There are times in life when the elements align themselves just right, and the blood sweat and tears of someone creating their dream shines through the end product in such a way that one can’t help but be moved. That is what happened this past weekend in a beautifully autumn colored town in middle-of-nowhere Connecticut.
This was the 5th year for Iceland Affair, an all day festival consisting of daytime lectures, Icelandic horses, goats, falcons, A lot of Icelandic food, and coffee mugs, let’s not forget the coffee mugs. All of this followed by an Icelandic concert at the very homey and cozy Infinity hall in Norfolk, CT.
Gerri Griswald is the lady behind Iceland affair, and once you’ve come within 50 feet of her, you can’t help but get swept up with her charming personality, glacier-sized determination and outpouring of love to everyone and everything that helps her put this on year over year. Speaking with her can’t be done without 90% of what’s audible being laughs. And the sincere love she has for what she’s doing is beyond impressive.
Arriving at the festival I was greeted by people riding Icelandic horses, Lopopeysas (Icelandic sweaters) and other Icelandic merchandise for sale out on the front lawn. Downstairs from the lectures there were free pylsurs (Icelandic hotdogs), dried fish, and very tasty cakes. Upstairs from the dining hall, and merch tables was the lecture hall.
Unfortunately due to scheduling and life, I arrived at the festival later in the afternoon, and was only able to hear the last half of Dr. Gunni’s lecture on the history of pop music. Along with other tidbits of Music life in Iceland, Dr. Gunni’s presentation followed his book, Blue Eyed pop, with audio/visual aids and a Q&A with the audience directly afterwards. A browse around the merchandise, fantastic cake, and a few pylsurs later and off to the concert I went.
The concert was at the Infinity hall in Norfolk, CT. It’s a cozy ornamental building, and the concert hall’s warm woodwork really played into what would be a cozy, intimate gathering. On their way to their seats, the crowd was given Icelandic flags, and told to wave it during applause as a surprise to the musicians on stage.
I’ve spoken about the ability Icelanders have of including the crowd in their performance. And Agnes Erna, Snorri Helgason, Svavar Knútur, Lay Low, Myrra Rós, Kristjana Stefánsdóttir, and Bjorn Thoroddsen. fulfilled and exceeded any expectations in that regard as they chatted, joked with, and shared laughs with everyone on or off the stage. It was a collaborative effort as the musicians took turns at front stage while being supported by the others, all ending with Dr. Gunni’s fart song and a special two-toned tutu wearing host belting out an old classic with the rest of the band. I also should mention that drums were mostly handled by Myrra’s husband Júlíus, I unfortunately did not catch his last name.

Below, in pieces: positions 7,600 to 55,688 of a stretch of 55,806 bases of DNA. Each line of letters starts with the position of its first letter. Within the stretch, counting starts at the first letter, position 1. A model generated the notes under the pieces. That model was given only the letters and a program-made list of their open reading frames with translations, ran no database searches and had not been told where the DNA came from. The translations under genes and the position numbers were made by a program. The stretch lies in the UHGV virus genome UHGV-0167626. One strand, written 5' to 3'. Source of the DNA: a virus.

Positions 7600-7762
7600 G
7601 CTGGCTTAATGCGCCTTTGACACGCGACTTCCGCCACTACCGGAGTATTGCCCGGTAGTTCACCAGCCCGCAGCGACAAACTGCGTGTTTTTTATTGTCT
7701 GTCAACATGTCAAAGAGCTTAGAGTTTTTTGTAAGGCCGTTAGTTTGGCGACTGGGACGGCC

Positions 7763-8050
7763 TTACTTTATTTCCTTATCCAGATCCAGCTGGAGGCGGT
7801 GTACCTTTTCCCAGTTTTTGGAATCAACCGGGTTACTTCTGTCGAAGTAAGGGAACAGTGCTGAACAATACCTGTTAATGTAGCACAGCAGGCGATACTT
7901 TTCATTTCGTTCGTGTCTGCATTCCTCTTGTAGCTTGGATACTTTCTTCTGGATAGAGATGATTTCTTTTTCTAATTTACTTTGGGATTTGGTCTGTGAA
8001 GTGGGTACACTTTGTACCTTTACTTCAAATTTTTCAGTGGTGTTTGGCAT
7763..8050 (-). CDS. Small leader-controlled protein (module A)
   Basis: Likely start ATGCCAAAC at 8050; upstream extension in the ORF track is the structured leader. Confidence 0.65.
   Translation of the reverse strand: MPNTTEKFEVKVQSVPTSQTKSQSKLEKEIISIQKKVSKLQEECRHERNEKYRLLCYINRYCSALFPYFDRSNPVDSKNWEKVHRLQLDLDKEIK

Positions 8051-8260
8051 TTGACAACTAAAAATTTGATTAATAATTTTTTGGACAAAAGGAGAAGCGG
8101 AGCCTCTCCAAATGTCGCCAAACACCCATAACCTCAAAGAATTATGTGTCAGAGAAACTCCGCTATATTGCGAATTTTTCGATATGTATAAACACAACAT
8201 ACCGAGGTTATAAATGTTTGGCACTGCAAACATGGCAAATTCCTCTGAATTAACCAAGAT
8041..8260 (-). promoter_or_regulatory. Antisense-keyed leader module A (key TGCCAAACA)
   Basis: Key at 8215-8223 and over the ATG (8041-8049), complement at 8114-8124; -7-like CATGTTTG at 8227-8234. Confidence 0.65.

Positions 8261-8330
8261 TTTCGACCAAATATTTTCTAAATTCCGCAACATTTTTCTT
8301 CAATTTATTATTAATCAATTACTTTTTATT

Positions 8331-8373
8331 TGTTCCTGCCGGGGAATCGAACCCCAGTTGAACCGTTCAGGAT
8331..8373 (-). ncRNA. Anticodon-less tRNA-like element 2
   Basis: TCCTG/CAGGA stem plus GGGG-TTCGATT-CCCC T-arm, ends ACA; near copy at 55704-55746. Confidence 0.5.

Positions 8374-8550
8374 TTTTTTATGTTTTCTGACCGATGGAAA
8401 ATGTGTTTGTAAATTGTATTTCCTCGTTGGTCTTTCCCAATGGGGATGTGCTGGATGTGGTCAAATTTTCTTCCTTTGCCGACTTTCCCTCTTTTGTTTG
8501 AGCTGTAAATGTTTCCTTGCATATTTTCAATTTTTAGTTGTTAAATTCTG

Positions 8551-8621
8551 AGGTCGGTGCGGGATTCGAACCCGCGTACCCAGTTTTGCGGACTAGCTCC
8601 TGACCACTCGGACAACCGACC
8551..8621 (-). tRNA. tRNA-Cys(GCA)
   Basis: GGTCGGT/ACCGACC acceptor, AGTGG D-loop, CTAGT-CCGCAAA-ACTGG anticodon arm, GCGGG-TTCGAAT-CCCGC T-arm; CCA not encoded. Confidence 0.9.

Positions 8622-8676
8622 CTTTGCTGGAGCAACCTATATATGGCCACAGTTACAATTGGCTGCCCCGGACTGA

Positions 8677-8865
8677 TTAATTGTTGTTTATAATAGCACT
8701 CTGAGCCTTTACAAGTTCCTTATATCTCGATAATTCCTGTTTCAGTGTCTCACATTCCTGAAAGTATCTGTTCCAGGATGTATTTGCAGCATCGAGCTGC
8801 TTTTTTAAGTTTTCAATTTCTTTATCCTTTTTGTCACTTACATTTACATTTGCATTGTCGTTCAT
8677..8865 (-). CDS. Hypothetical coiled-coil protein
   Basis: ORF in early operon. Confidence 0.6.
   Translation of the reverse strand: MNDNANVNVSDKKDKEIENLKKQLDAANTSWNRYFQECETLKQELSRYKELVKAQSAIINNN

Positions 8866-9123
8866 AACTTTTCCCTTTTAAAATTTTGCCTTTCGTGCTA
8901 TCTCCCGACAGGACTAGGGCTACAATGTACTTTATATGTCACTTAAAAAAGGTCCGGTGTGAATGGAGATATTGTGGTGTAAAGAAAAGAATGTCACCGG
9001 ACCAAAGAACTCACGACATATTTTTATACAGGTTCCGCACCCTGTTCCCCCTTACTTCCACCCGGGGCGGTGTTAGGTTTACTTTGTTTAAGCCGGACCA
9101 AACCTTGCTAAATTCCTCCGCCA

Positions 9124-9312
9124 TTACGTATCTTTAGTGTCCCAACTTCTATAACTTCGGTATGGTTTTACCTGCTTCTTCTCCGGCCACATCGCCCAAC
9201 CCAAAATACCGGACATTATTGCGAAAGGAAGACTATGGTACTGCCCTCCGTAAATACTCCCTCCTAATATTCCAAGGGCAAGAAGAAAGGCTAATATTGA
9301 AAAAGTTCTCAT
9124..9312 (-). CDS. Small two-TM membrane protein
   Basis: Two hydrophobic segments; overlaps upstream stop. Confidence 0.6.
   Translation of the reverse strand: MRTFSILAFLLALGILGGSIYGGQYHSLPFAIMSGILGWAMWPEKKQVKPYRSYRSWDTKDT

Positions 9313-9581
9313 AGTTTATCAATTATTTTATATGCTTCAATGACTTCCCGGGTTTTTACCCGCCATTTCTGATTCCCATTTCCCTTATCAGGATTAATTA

By the end of the concert, the crowd was completely on their feet singing loudly and waving flags furiously, and it seemed that neither the musicians nor the audience wanted it to end, so the party headed downstairs where the musicians talked with and autographed Icelandic flags for people. the lingering about and business of the downstairs made it evident, nobody was in a hurry to leave.
Plans are in the works for next years event, and I would highly suggest you check it out by following the Iceland Affair facebook page throughout the year. She tends to post videos or updates on the bands that have played, as well as updates on the festival itself.
I have to say that I am glad me and my label got to do our small part to help out on this festival, it’s truly a labor of love for Gerri, and the quality, attitude, and atmosphere created a charming night I won’t soon forget. I’m already looking forward to seeing what she comes up with for next year.
Another year, another Iceland Airwaves. It’s time again for one of my favorite music festivals of the year. Me, you, and approximately 9,000 other festival ticket holders will be invading the city of Reykjavik for 5 days of non-stop music, art and beauty surrounded by amazing scenery and unique culture. I’ve revised my list of pointers I’ve gathered over the years, and here they be:
The first and probably best tip I can give you is that Positivity and awareness of the people around you goes a long way. Iceland can be quite laid back, and while there typically is no rush, its people will do their best to help you in most any situation. It’s a small island, and there really isn’t room for ego’s or entitlements so do your best not to be rude or condescending. if something is taking longer than usual or needs a little tinkering to be just right, just breathe and remember that 9,000+ of us just landed on the island and the folks helping us out are most likely doing their best. Getting cross or yelling at people will get you absolutely nowhere.